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49ers vs. Rams film: Breaking down the sacks allowed by San Francisco

We take a look at the two sacks allowed by the San Francisco 49ers in Week 4 against the St. Louis Rams.

Michael Thomas

The San Francisco 49ers have one of the best offensive lines in football. This is not an opinion -- it's based on stats from last season. This season, they haven't been quite as good as advertised, but they definitely improved in Week 4 against the St. Louis Rams.

I had previously hoped to get you a post with gifs from the Rams game and the aforementioned Indianapolis Colts game, but due to time constraints I've only brought the gifs for Week 4. We're going to look at the two sacks the Rams netted on Colin Kaepernick (and you can blame NFL Game Rewind for screwing up when I went gif-making last night ... many cosmic forces did not want ya'll to have gifs apparently).

Let's get right to it.

First Quarter: 1st and 10 at SF 20, Colin Kaepernick sacked at SF 12 for -8 yards (Robert Quinn)


Right, so as you can see, the 49ers have a couple guys who are open, including a receiver on the left side seam. He's open from the get go, but by the time Kaepernick takes the snap, he's already trying to avoid pressure. His first read was on his right side as well, so there was no chance of him standing tall and delivering a strike to said seam receiver while taking the hit.

Now, where the play fails catastrophically is No. 77 Mike Iupati. He barely gets a hand on Robert Quinn before he forces Kaepernick to panic and try and run outside. It seems like Iupati might have a different assignment or something along those lines, or perhaps he expected Joe Staley to do something but it's clear that's where the play fails.

Neither Jonathan Goodwin nor Alex Boone hold their blocks particularly well but the play had gone to hell well before that point. Right tackle Anthony Davis actually sealed off his man well enough to give Kaepernick a fighting chance, which is exactly what he should do. But that play was doomed from the start.

Fourth Quarter: 2nd and 3 at SF 36, Colin Kaepernick sacked at SF 28 for -8 yards (Chris Long, Michael Brockers)


This is actually a somewhat complicated play. There's two stages of this play: where it all goes right, and where it all goes wrong. Where it all goes right is the simple part: Joe Staley takes his man all the way outside and eliminates him from the play, Mike Iupati refuses to move so his guy drops back into coverage, Jonathan Goodwin gets some pushback on his guy, Alex Boone forces his man outside and Anthony Davis gets a good first move on his guy.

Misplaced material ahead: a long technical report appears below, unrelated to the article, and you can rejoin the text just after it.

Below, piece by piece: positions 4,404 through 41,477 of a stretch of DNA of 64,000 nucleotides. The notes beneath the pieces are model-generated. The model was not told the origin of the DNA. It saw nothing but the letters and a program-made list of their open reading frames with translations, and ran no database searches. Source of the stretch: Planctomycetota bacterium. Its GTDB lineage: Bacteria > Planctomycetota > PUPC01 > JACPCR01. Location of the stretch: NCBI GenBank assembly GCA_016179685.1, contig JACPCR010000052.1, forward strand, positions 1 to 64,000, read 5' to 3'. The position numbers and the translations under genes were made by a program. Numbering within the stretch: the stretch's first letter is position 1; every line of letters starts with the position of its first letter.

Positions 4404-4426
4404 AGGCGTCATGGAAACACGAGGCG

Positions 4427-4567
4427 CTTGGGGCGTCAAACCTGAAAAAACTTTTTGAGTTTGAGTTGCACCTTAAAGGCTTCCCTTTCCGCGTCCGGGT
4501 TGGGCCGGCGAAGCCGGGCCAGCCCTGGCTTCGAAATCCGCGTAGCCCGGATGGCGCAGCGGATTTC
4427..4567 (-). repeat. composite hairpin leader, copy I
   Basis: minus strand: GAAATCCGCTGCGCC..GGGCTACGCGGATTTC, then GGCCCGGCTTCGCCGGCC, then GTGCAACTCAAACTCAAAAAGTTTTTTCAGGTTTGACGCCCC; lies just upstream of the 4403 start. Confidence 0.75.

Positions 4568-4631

Where things go wrong is when Davis loses his man. His guy pulls a good move on him and gets inside. Davis passes the block onto fullback Bruce Miller, who was unsure if he should be following the running back out into the flat (keep in mind the play had been going on for long enough to make this a reasonable assumption). Miller can't contain his man.

By the time Miller is unable to stop his man, who just got past Davis (who himself went to help contain Boone's man, which was unnecessary, given that Boone is a manly man), Goodwin's man pulls a similar move and leaves him behind as well. By my estimation, Goodwin was being too aggressive and his guy used that to his advantage, backing up to let Goodwin stumble in order to get around him.

Now, at this point, it's my opinion that Kaepernick made a mistake. It's clear from the opening part of this gif that wide receiver Anquan Boldin is open, at least initially. There was time for a quick throw and Kaepernick didn't pull the trigger, and at the very least, he should have been looking for a dumpoff.

I've went ahead and made gifs of the coaches film of the play, which you can open in a new tab here and here. You can be the judge on that one, but in my opinion, the Rams made a very good play, and Kaepernick made a pretty bad one -- though he didn't exactly have a ton of options. What say you?

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